General Electric (GE) shares rose almost 3% Monday after analysts from Barclays boosted their price target on the stock as the group attempts to realign its restructuring plans under new CEO Larry Culp.
Barclays raised its price target on the group to $16 a share, and upgraded its rating to "overweight", as it argued that only "the most hardened skeptic might want to re-consider following the CEO change". Barclays noted that GE's current enterprise value is almost entire comprised of its Aviation and Healthcare divisions and argued that investors are essentially owning the group's Power, BHGE, Renewables, Lighting Transportation assets "for free" thanks in part to the stock's 25% year-to-date decline.
GE shares gained 2.8% to $13.55 early Monday.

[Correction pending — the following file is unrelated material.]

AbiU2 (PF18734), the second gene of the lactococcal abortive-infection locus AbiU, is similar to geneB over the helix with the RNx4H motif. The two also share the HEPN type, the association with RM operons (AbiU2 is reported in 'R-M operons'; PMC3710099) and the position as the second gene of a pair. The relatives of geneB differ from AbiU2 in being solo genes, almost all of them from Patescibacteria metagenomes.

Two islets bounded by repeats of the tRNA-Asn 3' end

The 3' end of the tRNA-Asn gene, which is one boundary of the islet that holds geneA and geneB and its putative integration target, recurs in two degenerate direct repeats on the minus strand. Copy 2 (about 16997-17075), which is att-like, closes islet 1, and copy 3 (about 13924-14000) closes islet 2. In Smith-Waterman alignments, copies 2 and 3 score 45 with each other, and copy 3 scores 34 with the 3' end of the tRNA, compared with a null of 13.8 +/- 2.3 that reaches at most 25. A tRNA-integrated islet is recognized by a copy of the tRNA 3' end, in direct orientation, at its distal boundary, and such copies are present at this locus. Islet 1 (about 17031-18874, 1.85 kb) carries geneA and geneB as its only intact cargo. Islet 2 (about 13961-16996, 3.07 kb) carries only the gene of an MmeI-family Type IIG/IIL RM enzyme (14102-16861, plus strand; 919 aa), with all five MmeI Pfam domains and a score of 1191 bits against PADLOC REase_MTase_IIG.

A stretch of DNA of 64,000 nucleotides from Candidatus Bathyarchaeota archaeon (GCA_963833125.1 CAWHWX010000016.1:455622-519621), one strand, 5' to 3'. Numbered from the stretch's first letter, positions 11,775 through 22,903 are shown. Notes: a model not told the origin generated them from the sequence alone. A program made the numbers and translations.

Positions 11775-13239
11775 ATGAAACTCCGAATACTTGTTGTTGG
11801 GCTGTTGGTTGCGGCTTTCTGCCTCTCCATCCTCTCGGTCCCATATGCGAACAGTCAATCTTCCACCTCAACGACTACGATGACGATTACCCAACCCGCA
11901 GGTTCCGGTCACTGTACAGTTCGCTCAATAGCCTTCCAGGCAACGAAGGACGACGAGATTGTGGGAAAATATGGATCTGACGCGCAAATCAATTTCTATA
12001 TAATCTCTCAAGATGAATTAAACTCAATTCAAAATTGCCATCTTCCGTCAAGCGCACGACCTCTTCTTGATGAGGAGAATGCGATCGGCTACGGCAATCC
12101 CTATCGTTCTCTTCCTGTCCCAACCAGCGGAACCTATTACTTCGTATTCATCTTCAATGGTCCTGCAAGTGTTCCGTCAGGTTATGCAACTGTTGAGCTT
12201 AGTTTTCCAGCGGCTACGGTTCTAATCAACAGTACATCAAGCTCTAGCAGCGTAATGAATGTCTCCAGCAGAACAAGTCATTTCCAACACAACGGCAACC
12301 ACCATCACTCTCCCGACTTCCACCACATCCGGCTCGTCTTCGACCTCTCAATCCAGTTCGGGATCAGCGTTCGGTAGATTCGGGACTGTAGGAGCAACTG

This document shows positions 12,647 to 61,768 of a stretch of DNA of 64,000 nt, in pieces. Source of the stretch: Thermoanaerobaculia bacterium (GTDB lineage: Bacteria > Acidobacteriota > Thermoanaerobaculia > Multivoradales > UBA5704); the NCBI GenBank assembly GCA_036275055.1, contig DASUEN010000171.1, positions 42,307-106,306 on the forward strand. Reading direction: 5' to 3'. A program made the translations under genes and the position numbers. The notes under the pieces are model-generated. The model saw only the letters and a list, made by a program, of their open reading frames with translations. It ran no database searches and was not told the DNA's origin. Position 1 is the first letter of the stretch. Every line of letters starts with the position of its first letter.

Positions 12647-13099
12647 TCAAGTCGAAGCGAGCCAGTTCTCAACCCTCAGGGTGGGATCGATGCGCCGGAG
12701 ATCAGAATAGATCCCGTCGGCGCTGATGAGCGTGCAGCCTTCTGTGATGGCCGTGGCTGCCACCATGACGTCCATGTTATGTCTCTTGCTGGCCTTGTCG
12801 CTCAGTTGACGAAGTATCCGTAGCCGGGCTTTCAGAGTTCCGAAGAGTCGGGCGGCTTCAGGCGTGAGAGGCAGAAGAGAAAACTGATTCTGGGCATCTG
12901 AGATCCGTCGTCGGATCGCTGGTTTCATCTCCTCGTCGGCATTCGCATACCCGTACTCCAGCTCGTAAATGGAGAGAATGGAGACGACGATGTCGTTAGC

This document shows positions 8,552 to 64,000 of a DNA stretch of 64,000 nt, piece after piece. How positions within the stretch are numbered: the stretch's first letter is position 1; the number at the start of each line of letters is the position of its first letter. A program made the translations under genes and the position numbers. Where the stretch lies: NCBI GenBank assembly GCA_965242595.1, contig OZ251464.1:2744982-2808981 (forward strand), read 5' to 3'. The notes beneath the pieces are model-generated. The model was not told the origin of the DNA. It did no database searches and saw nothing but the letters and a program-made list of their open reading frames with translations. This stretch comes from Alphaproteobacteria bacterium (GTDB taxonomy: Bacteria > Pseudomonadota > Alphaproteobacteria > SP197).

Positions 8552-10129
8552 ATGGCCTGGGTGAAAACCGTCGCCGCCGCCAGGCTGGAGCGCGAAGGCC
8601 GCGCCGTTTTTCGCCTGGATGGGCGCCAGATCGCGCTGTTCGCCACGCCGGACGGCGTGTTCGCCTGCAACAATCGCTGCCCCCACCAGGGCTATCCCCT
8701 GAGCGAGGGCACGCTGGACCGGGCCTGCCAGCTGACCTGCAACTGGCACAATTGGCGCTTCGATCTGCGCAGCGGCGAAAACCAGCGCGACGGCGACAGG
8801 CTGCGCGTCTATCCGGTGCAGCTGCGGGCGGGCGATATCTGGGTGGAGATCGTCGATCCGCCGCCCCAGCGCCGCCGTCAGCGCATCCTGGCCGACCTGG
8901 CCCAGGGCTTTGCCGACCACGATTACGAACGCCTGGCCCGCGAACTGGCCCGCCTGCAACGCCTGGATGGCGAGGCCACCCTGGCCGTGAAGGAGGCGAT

Last week, RBC Capital boosted its rating on the stock to "outperform", with a price target of $15 per share, following news that Culp was tabbed to replace outgoing CEO John Flannery after just over a year in the job.
The bombshell announcement, which included a warning that weakness in its GE Power business will make it miss 2018 free cash flow and earnings guidance as it takes a $23 billion goodwill hit to the struggling division, sent shares surging but also raised questions over the fate of the group's long-standing dividend.
However, Moody's Investors Service put that cash payout in doubt when its put GE's A2 credit rating on review for possible downgrade, noting that, among a "range of issues,", will be "the impact on GE's earnings and cash flow prospects of the continuing deterioration in its Power business, which is likely to persist for some time.
"The review will also assess other measures that could improve GE's free cash flow relative to its debt balance," Moody's added. "These could include measures to address the very substantial pension deficit, GE's $4.2 billion annual dividend, improving working capital or investing efficiency. The potential for disruption, or acceleration, of efficiency programs already underway with another change at senior management level will be assessed."